Assuming Robert Kennedy was going to bring our boys home from Vietnam, how many additional men did S… by Tony Garcia
Answer by Tony Garcia:
Initially, Robert F. Kennedy was not committed to ending the United States’ role in the Vietnam War.
On May 15, 1967, CBS broadcast Town Meeting of the World, a program in which Robert Kennedy and Governor Ronald Reagan of California answered questions posed by the moderator, Charles Collingwood; students from the United States; and international students in Great Britain (via satellite). Although the subject of the program was “The Image of America and the Youth of the World,” questions focused primarily on America’s involvement in Vietnam.
After the broadcast, John F. Bayliss, a member of the English Department at Indiana State University and founder and editor of the African American Review, wrote to Senator Kennedy to clarify statements Kennedy had made during the broadcast. Kennedy responded with a letter dated September 15, 1967. In that letter Kennedy declares his belief that the United States had to provide the resources the American soldiers required in Vietnam as well as support the democratic rights of the South Vietnamese people [emphasis mine]. He also expressed his conviction that there could be no simple answers to the complex problems facing the nation:
“The strength and honor of our country permits and requires us to be forthright – and the complexity of our problems precludes simple answers. . . . The people of our country have a right to expect not easy answers but candid evaluation of our conduct and our position in the world.”
Later that year, though, then-Senator Kennedy (D-New York) proposed a three-point plan to help end the Vietnam War. The plan included suspension of the U.S. bombing of North Vietnam, and the gradual withdrawal of U.S. and North Vietnamese troops from South Vietnam with replacement by an international force. He called for inclusion of the alienated North Vietnamese National Liberation Front as a part of a political process and end what was, in his view, a civil war.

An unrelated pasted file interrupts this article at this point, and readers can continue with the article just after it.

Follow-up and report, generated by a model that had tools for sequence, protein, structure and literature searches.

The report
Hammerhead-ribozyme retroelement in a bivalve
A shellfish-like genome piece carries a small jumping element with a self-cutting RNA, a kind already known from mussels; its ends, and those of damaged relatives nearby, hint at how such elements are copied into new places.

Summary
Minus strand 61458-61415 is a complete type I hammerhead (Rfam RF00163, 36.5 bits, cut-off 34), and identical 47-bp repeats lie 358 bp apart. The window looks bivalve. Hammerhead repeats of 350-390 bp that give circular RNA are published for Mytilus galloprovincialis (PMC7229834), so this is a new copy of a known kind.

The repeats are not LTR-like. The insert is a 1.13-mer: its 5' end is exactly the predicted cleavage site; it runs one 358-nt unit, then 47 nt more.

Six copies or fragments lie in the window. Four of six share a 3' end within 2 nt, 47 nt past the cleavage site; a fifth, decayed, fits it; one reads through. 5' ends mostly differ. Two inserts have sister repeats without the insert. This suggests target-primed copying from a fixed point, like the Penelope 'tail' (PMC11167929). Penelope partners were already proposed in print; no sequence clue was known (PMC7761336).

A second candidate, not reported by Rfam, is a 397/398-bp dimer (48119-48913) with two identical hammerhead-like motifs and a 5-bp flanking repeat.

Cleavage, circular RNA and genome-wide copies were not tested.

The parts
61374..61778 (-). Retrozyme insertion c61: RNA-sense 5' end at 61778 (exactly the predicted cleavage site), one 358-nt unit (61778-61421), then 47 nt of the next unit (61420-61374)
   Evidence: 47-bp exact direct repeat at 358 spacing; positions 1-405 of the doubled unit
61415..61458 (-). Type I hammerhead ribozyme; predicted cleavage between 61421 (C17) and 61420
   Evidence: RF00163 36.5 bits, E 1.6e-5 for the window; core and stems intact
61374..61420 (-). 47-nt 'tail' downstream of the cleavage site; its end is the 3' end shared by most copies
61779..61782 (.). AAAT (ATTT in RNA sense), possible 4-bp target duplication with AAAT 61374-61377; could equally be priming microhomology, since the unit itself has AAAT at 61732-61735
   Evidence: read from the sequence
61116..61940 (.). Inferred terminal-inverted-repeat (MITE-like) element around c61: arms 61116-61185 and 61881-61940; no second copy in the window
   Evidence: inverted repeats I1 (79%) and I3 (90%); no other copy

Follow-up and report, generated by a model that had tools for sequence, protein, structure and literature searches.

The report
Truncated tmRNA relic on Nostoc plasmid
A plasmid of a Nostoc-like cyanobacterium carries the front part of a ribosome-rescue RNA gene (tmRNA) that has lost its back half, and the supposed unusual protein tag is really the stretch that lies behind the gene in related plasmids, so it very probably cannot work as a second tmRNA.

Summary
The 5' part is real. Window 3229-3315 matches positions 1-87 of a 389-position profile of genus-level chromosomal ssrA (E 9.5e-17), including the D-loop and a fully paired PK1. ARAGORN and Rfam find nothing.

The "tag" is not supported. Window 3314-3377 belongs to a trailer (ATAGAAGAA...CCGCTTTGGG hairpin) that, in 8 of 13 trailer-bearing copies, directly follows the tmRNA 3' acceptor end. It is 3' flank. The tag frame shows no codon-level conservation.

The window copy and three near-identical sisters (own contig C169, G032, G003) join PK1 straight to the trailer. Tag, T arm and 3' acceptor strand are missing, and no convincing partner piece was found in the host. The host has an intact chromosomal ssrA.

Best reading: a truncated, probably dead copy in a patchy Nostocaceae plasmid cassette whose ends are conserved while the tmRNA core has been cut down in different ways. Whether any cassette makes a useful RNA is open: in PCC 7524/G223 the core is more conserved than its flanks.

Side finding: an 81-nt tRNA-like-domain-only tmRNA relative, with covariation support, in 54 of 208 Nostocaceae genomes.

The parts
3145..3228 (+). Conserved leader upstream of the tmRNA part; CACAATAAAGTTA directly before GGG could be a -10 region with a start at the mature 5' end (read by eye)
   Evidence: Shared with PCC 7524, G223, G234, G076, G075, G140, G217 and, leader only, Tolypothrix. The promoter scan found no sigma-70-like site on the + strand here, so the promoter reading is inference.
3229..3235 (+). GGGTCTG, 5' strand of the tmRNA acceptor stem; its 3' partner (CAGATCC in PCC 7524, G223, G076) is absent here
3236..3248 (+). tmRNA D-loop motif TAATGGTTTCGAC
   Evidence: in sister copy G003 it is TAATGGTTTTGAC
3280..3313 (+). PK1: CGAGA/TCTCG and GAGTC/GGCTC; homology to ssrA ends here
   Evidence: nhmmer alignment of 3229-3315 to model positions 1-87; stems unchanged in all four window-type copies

Secretary of State Dean Rusk rejected Kennedy’s proposal because he believed that the North Vietnamese would never agree to withdraw their troops.
Here you have an idea of the opposition Robert Kennedy faced to end the war in Vietnam. Remember, until 1967, Robert Kennedy supported U.S. efforts in Vietnam, including the bombing of North Vietnam. It was the intensification of domestic racial strife and opposition to the war that eventually changed his mind.
Let us also remember that, even before Robert Kennedy was assassinated, their had been numerous proposals for peace talks initiated by the United States, North Vietnam and by other nations acting as mediators. Proposals for ceasefires and peace deals flowed back and forth regularly, even when fighting was at its worst. Some of this negotiation was conducted publicly, some in secret through diplomatic communications or through “back channels.” The period from 1964 to 1972 saw at least five different peace proposals of any significance, along with numerous third party offers that were either disregarded or rebuffed.
One significant problem was that the United States and North Vietnam approached peace talks with different objectives. For the Americans the peace process was a way of extricating themselves from Vietnam, while avoiding the humiliation of defeat. For the North Vietnamese, whose ultimate goal was national reunification, peace talks were another military tactic, a device to obtain breathing space while denying and frustrating the enemy. There was a method in this frustrating madness: if peace negotiations failed or broke down, this could be attributed to the belligerence or pigheadedness of the other side.
Given all this, with consideration to the possiblity that Robert Kennedy were alive, I feel that there is no certainty that any proposal would have been accepted prior to the January 27, 1973, Paris Peace Agreement that ended the Vietnam War.